Ensure that enough funding is available to prevent structural damage to ENO in the meantime. The figures in the announcement are uninformed rabbits pulled from the hat of ignorance.
I would not be suggesting to Donelan that she step out on a limb unless that limb was strong. ENO has a stronger case to argue than most in the arts world.
“The ENO has never been as well run, or well governed” – Sir Nicholas Serota, ACE Chair. I rest my case, m’lud.
ACE twaddles that their decision is all about “levelling up”. Levelling up is not just about geography. It’s about bringing new audiences to an art form often accused of being elitist. ENO has pioneered that path with one initiative after another. It is a well proven portal to the arts world for the curious.
Their free-ticket scheme for under 21-year-olds has so far placed over 12,000 novice bums on seats. A TikTok opera attracted over 17 million viewers. They weren’t all in metro-land. The covid drive-in La bohème at Crystal Palace was innovative, and, literally, a hoot.
The company is reaching into the community, using the medium of opera to improve health care. The Breathe initiative, using singing techniques to assist Covid recovery, has so far signed up 85 NHS Trusts, has long passed the “gimmick” threshold and is becoming a fixture on the therapeutic landscape.
There is a glib argument that London has two opera houses anyway. Surely, we won’t miss one. The two houses have distinctly different missions. The Royal Opera House is international and, despite its growing reputation abroad as a viable co-production house, ENO is national. Anyway, many towns in Europe have three.
ENO brings on stage a different cadre of singers and instrumentalists from England’s flourishing music schools. Over 80% of operatic talent engaged by the company is British based, or educated; performing in English, making opera more accessible to newbie audiences – surtitles aren’t the whole solution to incomprehensible libretti.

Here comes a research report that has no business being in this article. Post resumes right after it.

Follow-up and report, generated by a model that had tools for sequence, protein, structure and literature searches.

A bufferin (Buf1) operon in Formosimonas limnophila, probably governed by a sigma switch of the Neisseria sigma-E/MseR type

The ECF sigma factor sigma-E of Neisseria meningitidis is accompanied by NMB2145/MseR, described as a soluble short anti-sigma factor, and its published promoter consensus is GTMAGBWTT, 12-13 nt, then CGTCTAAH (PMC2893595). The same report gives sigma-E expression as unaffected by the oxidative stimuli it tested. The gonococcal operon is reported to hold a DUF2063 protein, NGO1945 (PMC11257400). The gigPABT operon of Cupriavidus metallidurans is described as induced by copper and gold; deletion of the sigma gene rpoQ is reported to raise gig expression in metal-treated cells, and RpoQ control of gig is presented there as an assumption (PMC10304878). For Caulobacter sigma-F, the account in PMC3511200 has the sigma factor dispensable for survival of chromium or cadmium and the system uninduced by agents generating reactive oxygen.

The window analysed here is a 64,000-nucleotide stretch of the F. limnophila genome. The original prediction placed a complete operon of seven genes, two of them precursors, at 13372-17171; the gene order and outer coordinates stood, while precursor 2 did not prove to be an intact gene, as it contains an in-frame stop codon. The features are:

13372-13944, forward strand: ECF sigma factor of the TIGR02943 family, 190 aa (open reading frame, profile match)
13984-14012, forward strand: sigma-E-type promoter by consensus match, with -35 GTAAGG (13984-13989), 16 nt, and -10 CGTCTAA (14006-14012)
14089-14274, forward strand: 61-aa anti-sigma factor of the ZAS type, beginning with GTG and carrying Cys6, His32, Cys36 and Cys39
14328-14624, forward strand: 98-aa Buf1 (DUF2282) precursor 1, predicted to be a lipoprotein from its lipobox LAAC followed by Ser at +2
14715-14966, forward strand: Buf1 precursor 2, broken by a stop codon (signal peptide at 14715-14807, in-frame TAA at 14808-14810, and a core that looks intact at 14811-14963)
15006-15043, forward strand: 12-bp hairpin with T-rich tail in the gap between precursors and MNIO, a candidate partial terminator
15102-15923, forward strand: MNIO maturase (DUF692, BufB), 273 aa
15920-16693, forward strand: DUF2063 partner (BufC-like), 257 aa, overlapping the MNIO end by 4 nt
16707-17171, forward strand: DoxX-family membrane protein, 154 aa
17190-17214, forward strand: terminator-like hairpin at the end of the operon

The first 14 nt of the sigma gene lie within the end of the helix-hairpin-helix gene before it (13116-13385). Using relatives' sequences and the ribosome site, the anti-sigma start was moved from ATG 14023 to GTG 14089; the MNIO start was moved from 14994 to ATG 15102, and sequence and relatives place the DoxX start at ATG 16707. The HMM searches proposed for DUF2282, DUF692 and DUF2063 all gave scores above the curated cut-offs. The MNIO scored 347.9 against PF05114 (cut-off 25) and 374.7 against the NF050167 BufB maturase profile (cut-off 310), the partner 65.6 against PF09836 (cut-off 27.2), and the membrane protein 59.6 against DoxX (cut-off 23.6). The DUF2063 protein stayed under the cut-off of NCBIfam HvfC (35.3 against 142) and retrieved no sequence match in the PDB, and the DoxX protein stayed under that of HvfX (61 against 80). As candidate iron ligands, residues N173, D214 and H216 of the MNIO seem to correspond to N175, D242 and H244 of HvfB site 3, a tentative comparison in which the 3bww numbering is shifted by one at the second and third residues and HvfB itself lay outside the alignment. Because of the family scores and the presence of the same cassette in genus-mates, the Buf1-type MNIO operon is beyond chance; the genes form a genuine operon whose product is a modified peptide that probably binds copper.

Mounting new works – like It’s a Wonderful Life – that British audiences otherwise will not see has been a mission.
ENO has led the way both with 20th-century opera – staging the UK premieres of Janacek’s Katya Kabanova and Stravinsky’s Oedipus Rex, among others.
The house has encouraged budding composers, with new commissions, including Harrison Birtwistle’s monumental The Mask of Orpheus and Mark-Anthony Turnage’s The Silver Tassie. More recently it has championed American opera by John Adams and Philip Glass, mounting unexpected sell-outs of Glass’ Akhnaten and Satyagraha.
So, Secretary of State, put Sir Humphrey in his place. The future of ENO is your responsibility, your opportunity to forge a new future for the company and the opera medium in England. Change there must be. But not the ill-considered dogs breakfast left on your desk by your predecessor.
Pop up Whitehall when there is no evening Commons vote – it’s a six-minute ministerial limo ride – to see Eno’s latest offering. Gilbert and Sullivan’s Yeomen of the Guard isnot a piece of pantomime buffoonery, but a dark, critically acclaimed work of huge importance. I’m told Jo Davie’s new production is a stinger.
Go on, make a name for yourself. What about your legacy? Who knows? Michelle Donelan – The Opera. Now, where’s Mark-Anthony Turnage’s phone number when you need it?
And another thing!
Ned Rorem, the American classical composer who has died at the age of 99, was widely sniffed at by the cognoscenti because he wrote music people enjoyed.
Hard to believe he won a Pulitzer prize as long ago as 1976 for his Air Music: Ten Etudes for Orchestra. His copious output ranged from vocal art songs, through orchestral works and, surprise, surprise, opera. He loved poetry, so maybe opera naturally followed.
Miss Julie (1965), based on the play of the same name (1888) by Swedish playwright August Strindberg was about illicit 19th century sex in a cold climate community. Sort of Scandi-froid. Our Town, (2005) based on the Thornton Wilder play (1938), told a more conventionally romantic story about goings on in Grover’s Corner, a typical example of small-town America, if such a place exists.
Rorem’s operas are no longer widely performed, which is a pity. Musically, they are very accessible. They are suitably scaled for chamber opera companies and Our Townboasts some memorable melodic writing. Emily, the heroine’s, aria in Act III, Take Me Back, is a favourite stand-alone.
I’m sure Jake Heggie riffed off Our Town for his Christmas opera, It’s a Wonderful Life, based on the unavoidable Jimmy Stewart Christmas movie. I saw the opera, flying angels and all, at its premiere in San Francisco in December 2018. Even met Jake Heggie.
As it turns out, what an ironic title choice for this year’s ENO winter warmer opera. It’s a Wonderful Life opens at The Coliseum on December 7th. Just as ENO’s life is made hell by ACE. Reaction’s opera critic will be there to cheer the company, flying angels and all, on.
Maybe Clarence Odbody, the miracle working guardian angel who stops small town worthy, George Bailey, jumping into Fall River, thus earning his wings, can pull something special out of the festive hat for ENO, too.
Back to the point. Rorem made a huge contribution to 20th/21st century American classical music. He merits a revival movement.